This report, edited by Carl J. Markon (USGS), Sarah F. Trainor (ACCAP/UAF), and F. Stuart Chapin III (UAF), served as foundational technial input for the U.S. Global Change Research Program's 2013 National Climate Assessment.
Arctic sea ice has declined dramatically during the last few decades. Estimating the maximum and minimum sea ice extent, before it occurs, is a important tool for developing and implementing near-term public policy.
The proposed study would fill the information gap by describing the potential nature and scope of economic effects of climate change that are likely to become manifest in Alaska over the next 30-50 years.
Assessment of climate change impacts on forested ecosystems in Alaska, with a review and synthesis of existing knowledge, a baseline and scenarios of change, and identification of data gaps and uncertainties.
ACCAP is partnering Glenn Gray and Associates and Alaska Sea Grant to identify best practices for supporting climate adaptation planning in Northwest Alaska. Findings will provide guidance for those interested in supporting climate adaptation planning for coastal communities across Alaska.
This project includes an evaluation of a web-based citizen science observation and information management tool that engages residents of coastal communities to voluntarily report observations and local knowledge of marine life.
This study will build on the work of several recent studies that aim to uncover the knowledge, skills, and abilities needed for knowledge co-production in climate and conservation science and how knowledge and experience is deployed in these efforts.
Reducing flooding risk from extreme events to small community water systems in AK & LA thru better information communication & networking.
ACCAP will collaborate with the National Weather Service and Alaskan community members to create a searchable catalog, or database, of socioeconomic impacts of extreme weather events in Alaska.
ACCAP (Walsh) served on the review team that reviewed for the 2015 Center for Global Change (CGC) student grant competition at the University of Alaska Fairbanks.
This project compiles and analyses examples of climate adaptation in Alaska from a range of sectors including forestry/wildlife, subsistence food harvest, coastal vulnerability, terrestrial infrastructure, shipping, commercial fishing and the oil and gas industry.
This project provides gridded downscaled data sets for sea ice, wind, and sea surface temperature for Alaska coastal area, as well as an analysis of the projected changes, their potential impacts, and adaptation implications.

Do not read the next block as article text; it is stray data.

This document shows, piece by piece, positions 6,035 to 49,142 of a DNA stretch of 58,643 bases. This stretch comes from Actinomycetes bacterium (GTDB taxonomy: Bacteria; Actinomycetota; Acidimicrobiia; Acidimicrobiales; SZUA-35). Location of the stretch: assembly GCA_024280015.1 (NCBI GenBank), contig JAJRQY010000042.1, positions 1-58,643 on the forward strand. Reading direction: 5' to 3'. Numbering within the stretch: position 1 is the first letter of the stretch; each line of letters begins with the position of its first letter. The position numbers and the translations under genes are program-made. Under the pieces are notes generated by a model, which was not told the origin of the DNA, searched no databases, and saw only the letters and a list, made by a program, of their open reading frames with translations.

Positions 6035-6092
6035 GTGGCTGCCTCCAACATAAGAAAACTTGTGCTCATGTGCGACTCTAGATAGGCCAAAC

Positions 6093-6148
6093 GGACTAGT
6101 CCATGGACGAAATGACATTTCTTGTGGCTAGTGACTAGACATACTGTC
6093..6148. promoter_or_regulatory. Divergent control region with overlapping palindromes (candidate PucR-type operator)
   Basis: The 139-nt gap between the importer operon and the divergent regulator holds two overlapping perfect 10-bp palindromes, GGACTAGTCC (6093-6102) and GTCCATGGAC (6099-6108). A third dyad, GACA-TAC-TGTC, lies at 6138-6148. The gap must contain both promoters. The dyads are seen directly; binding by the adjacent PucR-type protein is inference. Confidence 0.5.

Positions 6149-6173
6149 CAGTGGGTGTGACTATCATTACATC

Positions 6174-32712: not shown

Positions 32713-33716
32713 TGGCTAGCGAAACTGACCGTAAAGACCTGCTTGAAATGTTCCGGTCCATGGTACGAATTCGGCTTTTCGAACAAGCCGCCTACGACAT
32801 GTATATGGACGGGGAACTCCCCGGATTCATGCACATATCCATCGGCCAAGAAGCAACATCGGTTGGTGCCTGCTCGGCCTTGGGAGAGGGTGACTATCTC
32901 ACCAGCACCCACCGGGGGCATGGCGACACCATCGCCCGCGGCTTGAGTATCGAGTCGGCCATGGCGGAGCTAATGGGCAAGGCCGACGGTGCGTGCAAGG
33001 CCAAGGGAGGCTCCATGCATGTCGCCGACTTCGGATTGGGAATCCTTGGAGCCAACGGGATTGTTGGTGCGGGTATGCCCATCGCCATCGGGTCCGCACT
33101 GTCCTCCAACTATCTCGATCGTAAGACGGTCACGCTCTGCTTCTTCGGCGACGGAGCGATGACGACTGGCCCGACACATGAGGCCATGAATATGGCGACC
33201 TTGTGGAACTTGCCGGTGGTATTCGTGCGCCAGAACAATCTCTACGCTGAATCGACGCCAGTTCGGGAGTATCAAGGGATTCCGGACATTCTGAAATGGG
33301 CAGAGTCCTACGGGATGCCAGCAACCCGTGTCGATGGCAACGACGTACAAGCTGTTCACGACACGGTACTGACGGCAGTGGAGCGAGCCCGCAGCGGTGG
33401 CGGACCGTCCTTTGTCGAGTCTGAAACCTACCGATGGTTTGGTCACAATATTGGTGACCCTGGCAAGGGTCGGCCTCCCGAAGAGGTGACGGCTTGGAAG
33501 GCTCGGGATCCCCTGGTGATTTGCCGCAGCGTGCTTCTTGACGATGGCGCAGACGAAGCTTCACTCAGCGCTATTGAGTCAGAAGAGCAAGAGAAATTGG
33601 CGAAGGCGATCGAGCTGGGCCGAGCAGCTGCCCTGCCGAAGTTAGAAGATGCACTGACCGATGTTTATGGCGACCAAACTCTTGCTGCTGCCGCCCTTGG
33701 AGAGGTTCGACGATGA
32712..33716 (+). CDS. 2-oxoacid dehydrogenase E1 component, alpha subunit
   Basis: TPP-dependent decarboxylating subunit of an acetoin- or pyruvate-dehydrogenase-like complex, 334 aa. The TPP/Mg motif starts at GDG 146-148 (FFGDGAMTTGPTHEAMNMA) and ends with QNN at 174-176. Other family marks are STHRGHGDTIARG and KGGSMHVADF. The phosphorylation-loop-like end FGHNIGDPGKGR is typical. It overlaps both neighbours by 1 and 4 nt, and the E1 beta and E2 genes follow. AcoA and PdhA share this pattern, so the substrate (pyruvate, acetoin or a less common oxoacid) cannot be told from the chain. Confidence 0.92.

ACCAP and SNAP provided writing and editorial assistance for this report as well as maps and graphics depicting ecologically and culturally important areas, biota, and processes, natural resources, and key drivers of environmental changes in the Arctic.
This project convened a series of cross-regional video conferences with indigenous leaders and tribal water resource managers to dialog about climate related water impacts and adaptations.
The goal of this effort is to identify current coastal research and management projects taking place in this region.
Research on coastal change in Western Alaska has increased rapidly in recent years, making it challenging to track existing projects, understand their cumulative insights, gauge remaining research gaps, and prioritize future research. The goal of this effort is to help the Western Alaska Landscap
This research aims to improve situational awareness and crisis response by enhancing support for planning and emergency response to emerging climate-related environmental marine hazards in the Arctic.
ACCAP will compile an assessment of Alaska and Arctic user needs, primarily a review of current literature and existing ACCAP work and we will deliver a set of recommended climate tools needed for selected sector decision support services.
ACCAP is a NOAA Climate Program Office Climate & Societal Interactions RISA Program.
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